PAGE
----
Bible: What Does Psalms 96-103 Teach Us About Worship and the Coming of the LORD?
Praise the Savior
The New Jerusalem
The Second Coming to the Earth
The Return of the King
Do you believe Jesus Christ will return to the Earth to set up His kingdom?
Psalms 96-103: "A New Song"/Worship the Coming King
As a call for all believers to rejoice and sing praises to their great Savior, the LORD, because
He is coming to judge the earth in righteousness, this psalm proclaims Messianic hopes, employing the phrase "a new song" (vv. 1-4, 13).
Contrasting God with Gentile idols, the writer emphasizes Yahweh’s creatorship and majesty as ample reasons for all nations to worship and reverence Him (vv. 5-10).
All nature — the heavens, the earth, the sea, the field, and “all the trees of the woods”— will “rejoice” when the LORD arrives in judgment (vv. 11-13).
[God's righteous judgment promises to rectify all wrongs and reward all holy deeds. Cf. 1 Chronicles 16:23-33].
"Because Yahweh is the King of the universe, the earth should rejoice (v. 1)," argues the psalmist.
He describes the awesome "environment" of God's throne, and the effects His presence produces upon enemies and nature alike (vv. 2-6).
For this reason alone everyone should worship Him, as do the daughters of Judah (vv. 7-9).
His saints should reject what is evil, rejoice, and give thanks for His preservation and deliverance (vv. 10-12).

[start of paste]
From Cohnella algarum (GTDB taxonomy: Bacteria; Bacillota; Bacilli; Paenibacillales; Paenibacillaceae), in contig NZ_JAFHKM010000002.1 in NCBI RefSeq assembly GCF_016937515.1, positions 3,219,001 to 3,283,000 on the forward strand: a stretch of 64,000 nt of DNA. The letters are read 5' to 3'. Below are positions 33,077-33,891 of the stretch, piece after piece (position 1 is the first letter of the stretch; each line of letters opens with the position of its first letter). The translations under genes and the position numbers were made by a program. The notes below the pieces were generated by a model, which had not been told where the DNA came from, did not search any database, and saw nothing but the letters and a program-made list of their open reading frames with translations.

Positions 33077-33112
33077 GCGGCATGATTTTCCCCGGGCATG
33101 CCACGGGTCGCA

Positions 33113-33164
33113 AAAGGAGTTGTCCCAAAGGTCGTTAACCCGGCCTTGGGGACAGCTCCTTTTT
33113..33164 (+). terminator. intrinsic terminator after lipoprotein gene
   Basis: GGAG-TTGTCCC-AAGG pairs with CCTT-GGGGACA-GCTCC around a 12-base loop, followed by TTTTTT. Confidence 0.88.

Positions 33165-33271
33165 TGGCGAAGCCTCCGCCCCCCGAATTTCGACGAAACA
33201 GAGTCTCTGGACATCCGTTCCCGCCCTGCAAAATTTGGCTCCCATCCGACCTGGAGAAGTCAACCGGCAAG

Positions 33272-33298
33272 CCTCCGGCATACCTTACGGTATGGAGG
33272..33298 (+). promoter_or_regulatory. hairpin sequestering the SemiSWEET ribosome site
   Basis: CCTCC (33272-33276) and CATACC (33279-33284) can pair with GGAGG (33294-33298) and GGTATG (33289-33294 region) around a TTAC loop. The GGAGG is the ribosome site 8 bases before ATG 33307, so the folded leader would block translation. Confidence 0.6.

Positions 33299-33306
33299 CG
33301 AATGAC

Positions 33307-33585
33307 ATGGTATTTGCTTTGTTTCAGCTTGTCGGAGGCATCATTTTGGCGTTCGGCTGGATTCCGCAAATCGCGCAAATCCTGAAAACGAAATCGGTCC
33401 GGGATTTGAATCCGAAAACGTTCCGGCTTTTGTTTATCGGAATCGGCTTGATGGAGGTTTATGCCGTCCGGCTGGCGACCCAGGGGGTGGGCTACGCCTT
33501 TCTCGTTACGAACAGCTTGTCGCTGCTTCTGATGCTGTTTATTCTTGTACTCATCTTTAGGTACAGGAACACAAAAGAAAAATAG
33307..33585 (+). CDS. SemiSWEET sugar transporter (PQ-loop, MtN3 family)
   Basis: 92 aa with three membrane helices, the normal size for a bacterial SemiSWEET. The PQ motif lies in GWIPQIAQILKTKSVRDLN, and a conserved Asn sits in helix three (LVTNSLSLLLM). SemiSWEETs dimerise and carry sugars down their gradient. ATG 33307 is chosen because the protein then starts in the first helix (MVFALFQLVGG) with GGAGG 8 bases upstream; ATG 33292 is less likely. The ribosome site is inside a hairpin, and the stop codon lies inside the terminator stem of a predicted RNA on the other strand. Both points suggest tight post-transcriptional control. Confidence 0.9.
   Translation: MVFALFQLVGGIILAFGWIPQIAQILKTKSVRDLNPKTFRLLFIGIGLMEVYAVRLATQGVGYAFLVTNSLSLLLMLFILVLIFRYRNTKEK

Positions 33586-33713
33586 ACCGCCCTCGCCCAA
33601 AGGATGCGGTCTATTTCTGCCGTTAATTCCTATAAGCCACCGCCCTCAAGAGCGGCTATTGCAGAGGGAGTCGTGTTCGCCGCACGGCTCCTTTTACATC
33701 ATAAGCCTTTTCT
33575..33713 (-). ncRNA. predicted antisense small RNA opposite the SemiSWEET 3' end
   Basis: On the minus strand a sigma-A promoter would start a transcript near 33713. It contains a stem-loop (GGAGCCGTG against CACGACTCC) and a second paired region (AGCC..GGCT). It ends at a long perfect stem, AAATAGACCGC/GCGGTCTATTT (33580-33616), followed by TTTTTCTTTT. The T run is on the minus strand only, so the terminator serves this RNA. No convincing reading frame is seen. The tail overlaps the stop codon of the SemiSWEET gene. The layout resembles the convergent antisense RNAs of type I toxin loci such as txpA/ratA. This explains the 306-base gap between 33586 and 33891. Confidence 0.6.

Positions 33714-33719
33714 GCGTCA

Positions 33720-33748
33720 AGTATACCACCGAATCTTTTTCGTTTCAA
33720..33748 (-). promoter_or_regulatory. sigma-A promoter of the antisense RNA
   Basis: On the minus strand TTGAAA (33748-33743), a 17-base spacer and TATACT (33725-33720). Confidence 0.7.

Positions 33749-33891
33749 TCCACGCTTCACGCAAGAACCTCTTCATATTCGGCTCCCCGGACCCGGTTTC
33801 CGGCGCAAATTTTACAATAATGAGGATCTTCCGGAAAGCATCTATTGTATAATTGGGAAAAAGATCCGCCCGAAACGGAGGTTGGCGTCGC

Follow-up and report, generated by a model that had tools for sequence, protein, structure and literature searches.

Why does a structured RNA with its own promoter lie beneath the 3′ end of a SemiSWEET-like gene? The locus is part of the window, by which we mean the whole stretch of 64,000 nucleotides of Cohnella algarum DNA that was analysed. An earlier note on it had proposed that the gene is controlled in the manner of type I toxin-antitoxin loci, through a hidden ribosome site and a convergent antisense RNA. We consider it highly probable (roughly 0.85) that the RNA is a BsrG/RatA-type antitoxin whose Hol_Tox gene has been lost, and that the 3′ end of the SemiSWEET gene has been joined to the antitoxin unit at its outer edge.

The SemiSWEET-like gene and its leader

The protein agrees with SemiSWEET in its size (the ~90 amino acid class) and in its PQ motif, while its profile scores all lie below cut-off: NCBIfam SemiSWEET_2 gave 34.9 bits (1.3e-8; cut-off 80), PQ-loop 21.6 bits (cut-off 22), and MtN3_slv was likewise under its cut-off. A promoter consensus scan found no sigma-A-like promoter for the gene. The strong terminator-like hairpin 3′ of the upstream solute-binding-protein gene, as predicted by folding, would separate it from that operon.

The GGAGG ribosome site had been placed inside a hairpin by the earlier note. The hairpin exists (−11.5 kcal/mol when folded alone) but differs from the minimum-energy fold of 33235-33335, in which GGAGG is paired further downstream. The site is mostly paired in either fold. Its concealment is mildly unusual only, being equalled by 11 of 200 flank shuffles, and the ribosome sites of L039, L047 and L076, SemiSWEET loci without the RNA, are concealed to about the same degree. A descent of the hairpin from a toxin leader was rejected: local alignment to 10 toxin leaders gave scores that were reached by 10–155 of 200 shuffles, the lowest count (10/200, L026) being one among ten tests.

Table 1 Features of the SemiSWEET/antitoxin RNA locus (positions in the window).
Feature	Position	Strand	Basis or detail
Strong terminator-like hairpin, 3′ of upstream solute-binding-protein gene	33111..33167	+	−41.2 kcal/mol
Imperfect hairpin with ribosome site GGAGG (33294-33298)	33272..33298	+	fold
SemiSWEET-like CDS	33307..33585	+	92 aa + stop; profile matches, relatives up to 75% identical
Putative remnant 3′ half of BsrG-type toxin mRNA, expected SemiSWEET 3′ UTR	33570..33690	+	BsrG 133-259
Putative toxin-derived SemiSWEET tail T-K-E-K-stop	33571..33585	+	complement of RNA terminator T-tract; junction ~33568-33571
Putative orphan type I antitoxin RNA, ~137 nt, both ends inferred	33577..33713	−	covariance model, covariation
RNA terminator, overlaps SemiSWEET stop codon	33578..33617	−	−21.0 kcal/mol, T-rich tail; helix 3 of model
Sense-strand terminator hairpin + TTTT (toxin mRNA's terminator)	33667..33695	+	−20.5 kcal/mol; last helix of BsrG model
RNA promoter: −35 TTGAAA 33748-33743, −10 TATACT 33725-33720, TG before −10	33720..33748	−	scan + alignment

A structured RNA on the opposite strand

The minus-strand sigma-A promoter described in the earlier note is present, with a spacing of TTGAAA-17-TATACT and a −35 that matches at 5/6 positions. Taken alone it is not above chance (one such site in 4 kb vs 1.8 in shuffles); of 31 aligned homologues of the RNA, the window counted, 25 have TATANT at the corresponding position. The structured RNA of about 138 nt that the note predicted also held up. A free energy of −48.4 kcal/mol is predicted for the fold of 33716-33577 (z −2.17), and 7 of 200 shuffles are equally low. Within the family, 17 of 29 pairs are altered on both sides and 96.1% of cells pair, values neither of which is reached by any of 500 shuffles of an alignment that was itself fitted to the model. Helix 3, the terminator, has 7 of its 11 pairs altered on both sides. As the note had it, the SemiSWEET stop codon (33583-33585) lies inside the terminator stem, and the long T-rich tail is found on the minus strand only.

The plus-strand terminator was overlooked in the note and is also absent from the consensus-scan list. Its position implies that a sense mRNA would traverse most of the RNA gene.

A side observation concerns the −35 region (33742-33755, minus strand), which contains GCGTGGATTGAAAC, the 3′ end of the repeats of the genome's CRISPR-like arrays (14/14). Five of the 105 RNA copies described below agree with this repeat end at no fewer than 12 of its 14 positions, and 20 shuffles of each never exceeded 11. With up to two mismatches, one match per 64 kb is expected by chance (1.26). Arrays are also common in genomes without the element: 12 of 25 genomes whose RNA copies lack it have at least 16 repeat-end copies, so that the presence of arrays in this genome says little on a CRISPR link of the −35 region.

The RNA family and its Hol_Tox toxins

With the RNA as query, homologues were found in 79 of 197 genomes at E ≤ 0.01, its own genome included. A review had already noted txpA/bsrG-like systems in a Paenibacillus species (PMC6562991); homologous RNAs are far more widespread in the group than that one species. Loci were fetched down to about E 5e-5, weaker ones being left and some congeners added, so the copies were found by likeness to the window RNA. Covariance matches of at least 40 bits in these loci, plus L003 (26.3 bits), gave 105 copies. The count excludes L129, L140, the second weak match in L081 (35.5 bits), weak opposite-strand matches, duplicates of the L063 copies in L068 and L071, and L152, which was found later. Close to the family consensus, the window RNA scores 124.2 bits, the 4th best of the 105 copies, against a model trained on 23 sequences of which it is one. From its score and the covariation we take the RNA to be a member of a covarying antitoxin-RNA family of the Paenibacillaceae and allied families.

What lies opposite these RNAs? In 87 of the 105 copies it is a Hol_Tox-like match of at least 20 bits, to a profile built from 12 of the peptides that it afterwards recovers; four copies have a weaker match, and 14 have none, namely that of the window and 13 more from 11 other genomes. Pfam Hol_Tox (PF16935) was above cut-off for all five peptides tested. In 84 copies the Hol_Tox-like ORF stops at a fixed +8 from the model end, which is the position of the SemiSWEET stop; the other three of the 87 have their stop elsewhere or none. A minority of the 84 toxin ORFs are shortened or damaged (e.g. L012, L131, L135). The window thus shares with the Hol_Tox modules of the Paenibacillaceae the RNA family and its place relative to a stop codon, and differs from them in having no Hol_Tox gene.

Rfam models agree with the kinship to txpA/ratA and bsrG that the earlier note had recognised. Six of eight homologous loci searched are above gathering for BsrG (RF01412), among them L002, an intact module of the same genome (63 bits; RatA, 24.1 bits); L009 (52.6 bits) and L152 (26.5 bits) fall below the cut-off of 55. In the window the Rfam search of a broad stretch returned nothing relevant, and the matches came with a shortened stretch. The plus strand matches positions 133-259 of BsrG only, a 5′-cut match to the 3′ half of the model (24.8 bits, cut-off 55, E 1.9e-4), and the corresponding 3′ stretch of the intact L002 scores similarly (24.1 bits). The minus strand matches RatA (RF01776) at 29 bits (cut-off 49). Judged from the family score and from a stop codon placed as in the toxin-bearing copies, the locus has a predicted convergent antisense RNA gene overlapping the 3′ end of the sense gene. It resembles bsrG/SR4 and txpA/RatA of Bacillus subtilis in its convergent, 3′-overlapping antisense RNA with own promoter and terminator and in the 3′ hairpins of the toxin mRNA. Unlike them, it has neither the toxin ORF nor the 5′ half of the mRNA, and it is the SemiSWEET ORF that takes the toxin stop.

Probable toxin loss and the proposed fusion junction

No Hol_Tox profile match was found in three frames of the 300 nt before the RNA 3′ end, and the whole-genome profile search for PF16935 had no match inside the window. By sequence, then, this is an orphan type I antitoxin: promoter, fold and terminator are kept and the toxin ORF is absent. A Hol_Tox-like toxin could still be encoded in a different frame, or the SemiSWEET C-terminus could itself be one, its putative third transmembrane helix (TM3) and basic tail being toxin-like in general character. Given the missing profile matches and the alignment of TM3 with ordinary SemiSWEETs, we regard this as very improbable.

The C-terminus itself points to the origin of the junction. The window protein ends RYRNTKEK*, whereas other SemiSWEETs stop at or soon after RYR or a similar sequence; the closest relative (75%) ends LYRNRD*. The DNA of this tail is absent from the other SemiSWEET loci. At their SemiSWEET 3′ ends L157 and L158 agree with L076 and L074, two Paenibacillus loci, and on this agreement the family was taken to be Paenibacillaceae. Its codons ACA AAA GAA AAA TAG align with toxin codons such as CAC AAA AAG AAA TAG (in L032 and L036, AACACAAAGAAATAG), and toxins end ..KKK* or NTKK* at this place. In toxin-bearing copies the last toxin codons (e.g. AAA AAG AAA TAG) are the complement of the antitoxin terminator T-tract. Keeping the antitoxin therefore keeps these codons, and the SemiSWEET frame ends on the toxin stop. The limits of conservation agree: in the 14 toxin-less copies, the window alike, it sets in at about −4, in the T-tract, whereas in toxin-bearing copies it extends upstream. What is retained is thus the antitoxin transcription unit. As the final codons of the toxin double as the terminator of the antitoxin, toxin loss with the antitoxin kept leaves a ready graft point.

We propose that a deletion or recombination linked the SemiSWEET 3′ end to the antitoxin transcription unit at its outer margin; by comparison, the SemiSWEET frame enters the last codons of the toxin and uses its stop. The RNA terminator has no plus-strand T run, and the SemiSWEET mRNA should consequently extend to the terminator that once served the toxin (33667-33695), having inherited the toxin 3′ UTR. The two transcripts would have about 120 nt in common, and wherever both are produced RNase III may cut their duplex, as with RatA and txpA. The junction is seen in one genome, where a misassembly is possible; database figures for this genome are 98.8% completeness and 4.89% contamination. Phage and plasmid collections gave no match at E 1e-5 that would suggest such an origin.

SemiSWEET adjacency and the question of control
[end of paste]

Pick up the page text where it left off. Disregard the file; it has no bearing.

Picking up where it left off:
[God's fearsome Presence should cause the sinner to turn from his rebellion, and the saint to rejoice and live righteously].
This psalm calls for joyful singing (v. 4), for the playing of instrumental music (vv. 5, 6), and even for the approval of nature—“the sea,” “the world,” “the rivers,” and “the hills”—(vv. 7, 8), because the holy, omnipotent LORD is coming to judge the earth (vv. 1, 9; cf. 96:13).
This work expresses "new song" literature (cf. Ps. 96:1).
Speaking post-victory, the writer offers reasons to sing: the revelation of God's salvation, righteousness, mercy, and faithfulness to His covenants with Israel (vv. 2-3).
[Once God sets every issue aright, nothing should restrain His people and all nature from singing in triumph].
This psalm forms a triad with Psalms 93 and 97 by beginning with the assertion "The LORD reigns!" (v. 1)
Through his emphasis upon God's holiness (vv. 3, 5, 9)—note the refrain in vv. 5, 9)—, the writer directs the people to praise and worship His name, citing Moses, Aaron and Samuel as examples of those saints whose prayers He answered, whose sins He forgave, and also whose lives He chastened (vv. 6-8).
[This psalm exhorts believers to follow the example of great saints of the past who obeyed God's commands and worshiped Him in His holiness].
Jesus, the Good Shepherd
While exhorting the people of God to show appropriate responses toward the LORD (shouting, serving, singing, giving thanks, and praising) [vv. 1, 2, 4] in light of God's goodness, mercy, and truth toward them (v. 5), this psalm of thanksgiving also commands them to acknowledge their status as His possession.
That is, it tells them to come humbly before Him because He is their heavenly Shepherd (v. 3).
[Knowing what we are before the Shepherd—very privileged, loved sheep who often go astray but whom God always rescues—we should not hesitate to express our gratefulness in every possible way for His protection and provision].
David promises to take holy actions in his life: praise God for His mercy and justice (v. 1), and watch that he does not look at, think about, or practice wickedness at all [maintain purity] (vv. 3-4).
His commitment extends to personal relationships; he will not fellowship with wicked people, but he will employ the faithful (vv. 6, 7).
Those who practice wickedness—engage in slander, pride, deceitfulness, and lies—he will destroy (vv. 5, 8).